China-Africa relations: Making sense of the discourse

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China-Africa relations have come under scrutiny recently, with more articles and books having been written on it in the last 10 years than in the preceding 50 years all put together. Despite the generous attention, however, the nature and outcome of China-Africa relations are far from clear. It is, in fact, as though the more one reads about China in Africa, the less one knows about it. The empirical evidence seems to lend support to the twin claims that China is looting Africa and that it is developing the continent. The massive literature and seemingly contradictory perspectives about Africa-China relations thus cry out for a disciplinary framework, disciplinary in both senses of that term. What are the divergent perspectives about Afro-Chinese relations? How did they emerge? What are the driving forces behind them? Is the sustained discourse about Afro-Chinese relations justifiable on empirical grounds? And is it a good thing for Africa in any case? These questions are addressed in this essay from the perspective of social constructivism.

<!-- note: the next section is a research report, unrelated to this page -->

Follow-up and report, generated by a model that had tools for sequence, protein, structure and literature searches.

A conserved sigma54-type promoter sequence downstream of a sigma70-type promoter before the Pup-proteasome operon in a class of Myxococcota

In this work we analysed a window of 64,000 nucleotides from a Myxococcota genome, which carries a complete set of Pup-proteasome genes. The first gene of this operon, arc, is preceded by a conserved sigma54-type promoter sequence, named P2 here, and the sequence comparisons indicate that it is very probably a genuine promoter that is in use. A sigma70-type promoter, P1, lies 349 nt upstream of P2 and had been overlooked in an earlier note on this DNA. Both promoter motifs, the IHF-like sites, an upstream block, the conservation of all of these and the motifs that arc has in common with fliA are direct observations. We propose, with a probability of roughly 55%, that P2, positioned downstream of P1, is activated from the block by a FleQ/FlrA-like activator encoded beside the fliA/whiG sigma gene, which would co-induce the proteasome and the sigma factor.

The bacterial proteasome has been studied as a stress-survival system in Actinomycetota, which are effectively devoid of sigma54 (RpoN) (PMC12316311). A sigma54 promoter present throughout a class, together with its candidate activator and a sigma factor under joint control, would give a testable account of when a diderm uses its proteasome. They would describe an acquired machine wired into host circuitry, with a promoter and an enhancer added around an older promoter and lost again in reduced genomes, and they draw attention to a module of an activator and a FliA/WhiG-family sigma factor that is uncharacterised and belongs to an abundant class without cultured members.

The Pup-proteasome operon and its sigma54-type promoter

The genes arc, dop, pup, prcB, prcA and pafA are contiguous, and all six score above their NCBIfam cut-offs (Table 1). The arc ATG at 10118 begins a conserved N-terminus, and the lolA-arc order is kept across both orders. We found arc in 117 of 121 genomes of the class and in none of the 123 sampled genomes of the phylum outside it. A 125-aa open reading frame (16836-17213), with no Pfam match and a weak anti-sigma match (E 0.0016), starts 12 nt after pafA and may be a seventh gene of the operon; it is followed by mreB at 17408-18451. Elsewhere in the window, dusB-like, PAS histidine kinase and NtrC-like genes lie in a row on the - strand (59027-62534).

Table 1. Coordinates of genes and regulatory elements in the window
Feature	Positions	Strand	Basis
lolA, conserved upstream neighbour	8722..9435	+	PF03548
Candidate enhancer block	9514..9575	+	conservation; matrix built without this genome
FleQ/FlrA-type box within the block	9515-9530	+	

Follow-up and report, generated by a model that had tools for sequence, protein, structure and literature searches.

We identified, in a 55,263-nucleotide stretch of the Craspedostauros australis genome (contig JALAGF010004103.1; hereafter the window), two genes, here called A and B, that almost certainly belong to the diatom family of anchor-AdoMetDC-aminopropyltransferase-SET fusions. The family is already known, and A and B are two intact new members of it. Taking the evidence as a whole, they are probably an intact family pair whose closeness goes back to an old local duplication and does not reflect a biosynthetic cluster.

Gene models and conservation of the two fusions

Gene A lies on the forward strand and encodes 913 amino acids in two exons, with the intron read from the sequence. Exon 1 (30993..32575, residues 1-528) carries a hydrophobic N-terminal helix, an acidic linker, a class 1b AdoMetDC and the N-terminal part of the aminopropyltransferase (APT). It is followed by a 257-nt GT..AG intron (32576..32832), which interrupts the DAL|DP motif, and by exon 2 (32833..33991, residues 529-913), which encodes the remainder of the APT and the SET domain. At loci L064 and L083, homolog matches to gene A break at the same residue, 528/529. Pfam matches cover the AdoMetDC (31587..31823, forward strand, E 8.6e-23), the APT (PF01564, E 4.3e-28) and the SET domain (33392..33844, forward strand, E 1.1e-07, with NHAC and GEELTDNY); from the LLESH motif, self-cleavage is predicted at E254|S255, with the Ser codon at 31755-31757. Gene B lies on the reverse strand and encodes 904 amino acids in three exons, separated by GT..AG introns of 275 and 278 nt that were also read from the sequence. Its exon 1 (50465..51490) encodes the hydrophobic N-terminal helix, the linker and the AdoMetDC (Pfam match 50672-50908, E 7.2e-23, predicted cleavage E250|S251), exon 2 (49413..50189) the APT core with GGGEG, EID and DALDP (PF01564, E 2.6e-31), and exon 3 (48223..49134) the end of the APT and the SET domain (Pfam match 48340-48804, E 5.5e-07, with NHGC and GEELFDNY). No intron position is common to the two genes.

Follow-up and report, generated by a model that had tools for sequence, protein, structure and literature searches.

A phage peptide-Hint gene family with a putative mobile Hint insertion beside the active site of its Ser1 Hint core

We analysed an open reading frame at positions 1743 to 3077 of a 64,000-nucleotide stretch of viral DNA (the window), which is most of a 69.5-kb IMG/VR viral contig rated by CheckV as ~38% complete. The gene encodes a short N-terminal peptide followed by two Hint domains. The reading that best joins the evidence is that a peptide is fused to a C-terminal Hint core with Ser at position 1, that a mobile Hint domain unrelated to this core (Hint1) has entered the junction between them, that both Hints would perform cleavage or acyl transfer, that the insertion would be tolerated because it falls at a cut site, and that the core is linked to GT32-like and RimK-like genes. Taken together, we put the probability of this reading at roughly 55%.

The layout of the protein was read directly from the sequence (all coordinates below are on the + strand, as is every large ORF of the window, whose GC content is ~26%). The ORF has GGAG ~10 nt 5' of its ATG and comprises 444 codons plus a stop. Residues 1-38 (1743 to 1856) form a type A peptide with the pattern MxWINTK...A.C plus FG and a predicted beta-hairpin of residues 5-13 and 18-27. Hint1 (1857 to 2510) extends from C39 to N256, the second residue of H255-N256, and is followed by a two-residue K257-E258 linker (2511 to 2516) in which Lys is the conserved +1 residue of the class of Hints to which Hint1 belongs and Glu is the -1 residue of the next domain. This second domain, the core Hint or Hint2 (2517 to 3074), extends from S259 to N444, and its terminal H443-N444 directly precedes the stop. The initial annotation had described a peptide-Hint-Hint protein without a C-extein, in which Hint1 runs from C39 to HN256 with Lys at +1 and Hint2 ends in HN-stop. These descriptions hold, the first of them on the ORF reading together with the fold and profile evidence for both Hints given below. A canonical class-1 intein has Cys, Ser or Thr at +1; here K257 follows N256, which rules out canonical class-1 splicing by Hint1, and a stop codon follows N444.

Original languageEnglish
Pages (from-to)79-94
Number of pages16
JournalContributions to Conflict Management, Peace Economics and Development
Issue numberPART2
Publication statusPublished - 2013
Externally publishedYes

ASJC Scopus subject areas

  • Business and International Management
  • Development
  • Sociology and Political Science
  • Political Science and International Relations
  • Strategy and Management


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